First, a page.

One definition of “volatile” is “passing off readily in the form of vapor.”
Through yesterday, XIV, the exchange-traded security representing a one-day swap from Credit Suisse and offered by VelocityShares, had seen 94% of its value vaporized. It triggered a technical provision in the fund’s prospectus that says Credit Suisse may redeem the backing notes if the fund loses more than 80% of its value. It’s shutting down.
By mixing exposure to futures and other derivatives of varying lengths tied to the S&P 500, XIV aims to let investors capture not the appreciation of stocks or their decline if one shorted them, but instead the difference between current and future prices. Volatility.
The fund says in sternly worded and repeating fashion things like: The ETNs are riskier than securities that have intermediate or long-term investment objectives, and may not be suitable for investors who plan to hold them for longer than one day.
The idea for investors is hitting the trifecta – long rising stocks, short falling stocks, and with things like XIV, capturing the difference between prices to boot.
The problem for “synthetic” exchange-traded notes (ETNs) like XIV backed by a Credit Suisse promissory note is they hold no assets save commitment to replicate an outcome. They are for all intents and purposes vapor.
They have proved wildly popular, with several volatility ETNs routinely in the top 25 most actively traded stocks. In a low-volatility environment, differences in prices between short-term and long-term options and futures can mean returns of 5-10% on a given day, without particular risk to either party.
But if volatility renders futures and options worthless because prices have changed too much, all the investor’s capital vanishes.
Is this what rocked stocks globally? No. There is, however, a lesson about how global financial markets work that can be drawn from the demise of XIV. Everyone transfers risk. Investing in volatility is in a sense a hedge against being wrong in long and short positions. If you are, you still make money on the spread.
The biggest risk-transfer effort relates to currencies and interest rates. As with stocks, the transference of unexpected fluctuations through swaps – which the Bank for International Settlements says have $540 trillion of notional value (but precious little actual value, rather like XIV) – only works if the disturbances are small.
In the past month, the US Treasury was laying in dry powder before the debt ceiling. The size of auctions exploded by about 50%. Getting people to buy 50% more of the same thing caused interest rates to shoot up. The rise in debt devalued the dollar, a double whammy. Hedges fell apart.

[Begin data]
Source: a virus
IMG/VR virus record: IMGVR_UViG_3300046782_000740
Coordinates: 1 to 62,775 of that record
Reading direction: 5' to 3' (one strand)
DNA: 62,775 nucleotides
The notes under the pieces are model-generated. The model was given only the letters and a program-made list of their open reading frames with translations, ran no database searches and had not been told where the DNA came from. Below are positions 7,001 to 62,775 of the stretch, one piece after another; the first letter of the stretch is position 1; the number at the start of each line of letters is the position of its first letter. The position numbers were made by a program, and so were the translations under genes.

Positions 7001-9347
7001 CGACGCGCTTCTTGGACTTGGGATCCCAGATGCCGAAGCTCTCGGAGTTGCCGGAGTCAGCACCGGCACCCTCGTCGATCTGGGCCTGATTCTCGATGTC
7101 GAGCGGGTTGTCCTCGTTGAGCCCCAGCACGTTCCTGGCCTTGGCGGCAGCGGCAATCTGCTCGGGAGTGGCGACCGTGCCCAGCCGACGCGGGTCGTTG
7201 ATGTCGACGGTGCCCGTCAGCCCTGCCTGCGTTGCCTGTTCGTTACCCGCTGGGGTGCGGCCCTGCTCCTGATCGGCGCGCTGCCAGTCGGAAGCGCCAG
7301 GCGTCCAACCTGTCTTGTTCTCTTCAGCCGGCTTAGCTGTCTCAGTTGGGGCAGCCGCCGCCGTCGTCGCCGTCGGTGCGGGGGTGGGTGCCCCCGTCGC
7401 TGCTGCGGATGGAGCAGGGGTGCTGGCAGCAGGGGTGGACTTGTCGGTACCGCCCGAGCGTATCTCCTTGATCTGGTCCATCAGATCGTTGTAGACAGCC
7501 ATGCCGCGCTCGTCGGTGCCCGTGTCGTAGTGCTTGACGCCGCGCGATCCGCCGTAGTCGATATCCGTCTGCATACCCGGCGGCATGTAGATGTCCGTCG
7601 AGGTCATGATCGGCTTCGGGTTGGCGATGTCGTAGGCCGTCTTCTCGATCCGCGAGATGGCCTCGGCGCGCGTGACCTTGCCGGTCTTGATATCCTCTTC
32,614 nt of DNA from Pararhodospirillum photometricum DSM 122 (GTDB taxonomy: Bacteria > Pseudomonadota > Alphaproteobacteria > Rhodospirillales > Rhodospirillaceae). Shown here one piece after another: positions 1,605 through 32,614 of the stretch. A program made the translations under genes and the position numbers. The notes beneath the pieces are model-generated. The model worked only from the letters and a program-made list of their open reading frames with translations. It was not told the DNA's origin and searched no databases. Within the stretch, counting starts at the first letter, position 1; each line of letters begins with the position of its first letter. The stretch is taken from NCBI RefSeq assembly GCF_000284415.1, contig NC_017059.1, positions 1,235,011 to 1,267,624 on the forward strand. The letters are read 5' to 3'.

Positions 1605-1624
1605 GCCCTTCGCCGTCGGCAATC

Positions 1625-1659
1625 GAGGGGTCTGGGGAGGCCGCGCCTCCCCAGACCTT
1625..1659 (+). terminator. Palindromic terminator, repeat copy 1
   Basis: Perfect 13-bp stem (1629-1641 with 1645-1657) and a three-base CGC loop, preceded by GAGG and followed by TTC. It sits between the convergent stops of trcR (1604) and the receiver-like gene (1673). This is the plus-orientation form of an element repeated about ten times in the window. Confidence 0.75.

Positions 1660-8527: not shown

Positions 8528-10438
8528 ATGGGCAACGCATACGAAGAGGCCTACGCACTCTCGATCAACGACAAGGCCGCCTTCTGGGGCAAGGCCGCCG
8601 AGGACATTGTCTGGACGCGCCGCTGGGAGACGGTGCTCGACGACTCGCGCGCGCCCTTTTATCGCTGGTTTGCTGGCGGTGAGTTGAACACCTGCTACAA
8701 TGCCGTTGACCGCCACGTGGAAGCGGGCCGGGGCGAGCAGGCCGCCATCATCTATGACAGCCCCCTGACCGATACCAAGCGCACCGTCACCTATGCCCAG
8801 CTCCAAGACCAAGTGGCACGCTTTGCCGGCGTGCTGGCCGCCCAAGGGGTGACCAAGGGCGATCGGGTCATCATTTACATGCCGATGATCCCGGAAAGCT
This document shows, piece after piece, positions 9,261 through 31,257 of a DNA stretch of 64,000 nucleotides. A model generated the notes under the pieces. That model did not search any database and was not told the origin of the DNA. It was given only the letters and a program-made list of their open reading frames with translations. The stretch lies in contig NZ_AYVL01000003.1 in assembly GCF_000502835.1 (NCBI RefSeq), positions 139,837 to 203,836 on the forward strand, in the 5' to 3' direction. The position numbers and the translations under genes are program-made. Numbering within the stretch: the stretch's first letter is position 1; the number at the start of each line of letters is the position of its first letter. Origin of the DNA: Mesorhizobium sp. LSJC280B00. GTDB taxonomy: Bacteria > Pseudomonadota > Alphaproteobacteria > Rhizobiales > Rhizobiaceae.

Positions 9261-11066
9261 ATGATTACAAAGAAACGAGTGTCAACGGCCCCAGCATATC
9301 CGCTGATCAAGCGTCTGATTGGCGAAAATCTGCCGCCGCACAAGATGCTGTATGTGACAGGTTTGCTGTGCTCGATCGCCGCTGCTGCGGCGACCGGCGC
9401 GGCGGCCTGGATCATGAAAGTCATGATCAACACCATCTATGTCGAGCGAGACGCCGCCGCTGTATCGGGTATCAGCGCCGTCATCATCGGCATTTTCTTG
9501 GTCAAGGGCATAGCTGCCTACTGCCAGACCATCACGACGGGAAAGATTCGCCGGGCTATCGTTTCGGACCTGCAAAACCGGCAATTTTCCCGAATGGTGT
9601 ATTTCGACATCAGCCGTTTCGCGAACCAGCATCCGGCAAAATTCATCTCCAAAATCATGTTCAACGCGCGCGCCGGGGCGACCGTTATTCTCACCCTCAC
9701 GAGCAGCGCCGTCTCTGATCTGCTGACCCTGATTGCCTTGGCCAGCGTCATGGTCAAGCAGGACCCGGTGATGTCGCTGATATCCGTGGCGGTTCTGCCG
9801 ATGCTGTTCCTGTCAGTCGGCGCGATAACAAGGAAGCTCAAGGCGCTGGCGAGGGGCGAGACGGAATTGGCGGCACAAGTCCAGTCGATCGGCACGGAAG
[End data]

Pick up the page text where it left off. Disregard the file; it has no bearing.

Counterparties for these hedging swaps also transfer the risk, often with short-term Exchange-Traded-Fund (ETF) or ETN hedges that lapse on Fridays. They are the same banks like Credit Suisse making markets in stocks. This is what caused stocks to swoon, not a strong jobs number or higher wages. On Friday, Feb 2, stocks imploded. I suspect counterparties were selling assets to cover losses.
Now we come to a warning about ETFs. Their original creators, who were in the derivatives business, likened ETF shares to commodity warehouse receipts, a representation of something physically residing elsewhere.
In this long bull market, money has poured into ETFs. The supply of things in the warehouse has not kept pace with the exposure to it via ETFs. We have written over and over about this problem. The way ETFs trade and the way underlying assets increase or decrease are two different processes. Investors buy and sell the warehouse receipts. The fund and its Authorized Participants in large block transactions occasionally adjust underlying warehouse assets.
We can see by tracking the amount of money flowing to big ETFs from Blackrock, Vanguard and State Street and counter-checking those flows against reported fund turnover that insufficient warehouse commodities (stocks) back ETF shares.
Why? Because buying and selling things incurs transaction costs and tax consequences, which diminishes fund performance. Shaving those is a gutsy strategy – sort of like dumping fuel in a car race to give yourself an advantage in the last flaps by running light and on fumes.
But you can run out of fuel. If the value of the stuff in the warehouse plunges as everybody tries to sell, we’ll find out what part of those warehouse receipts are backed by vapor.
So far that has not happened. But we don’t know what damage has been done to market makers short ETF shares and long stocks or vice versa. The next week will be telling. If a major counterparty was irreparably harmed, we could be in a world of vapor.
If not, the hurt will fade and we’ll revert to normal. Right now, forecasts for stocks in our models say vapor risk is small. But let’s see what happens come Friday, another short-term expiration for derivatives.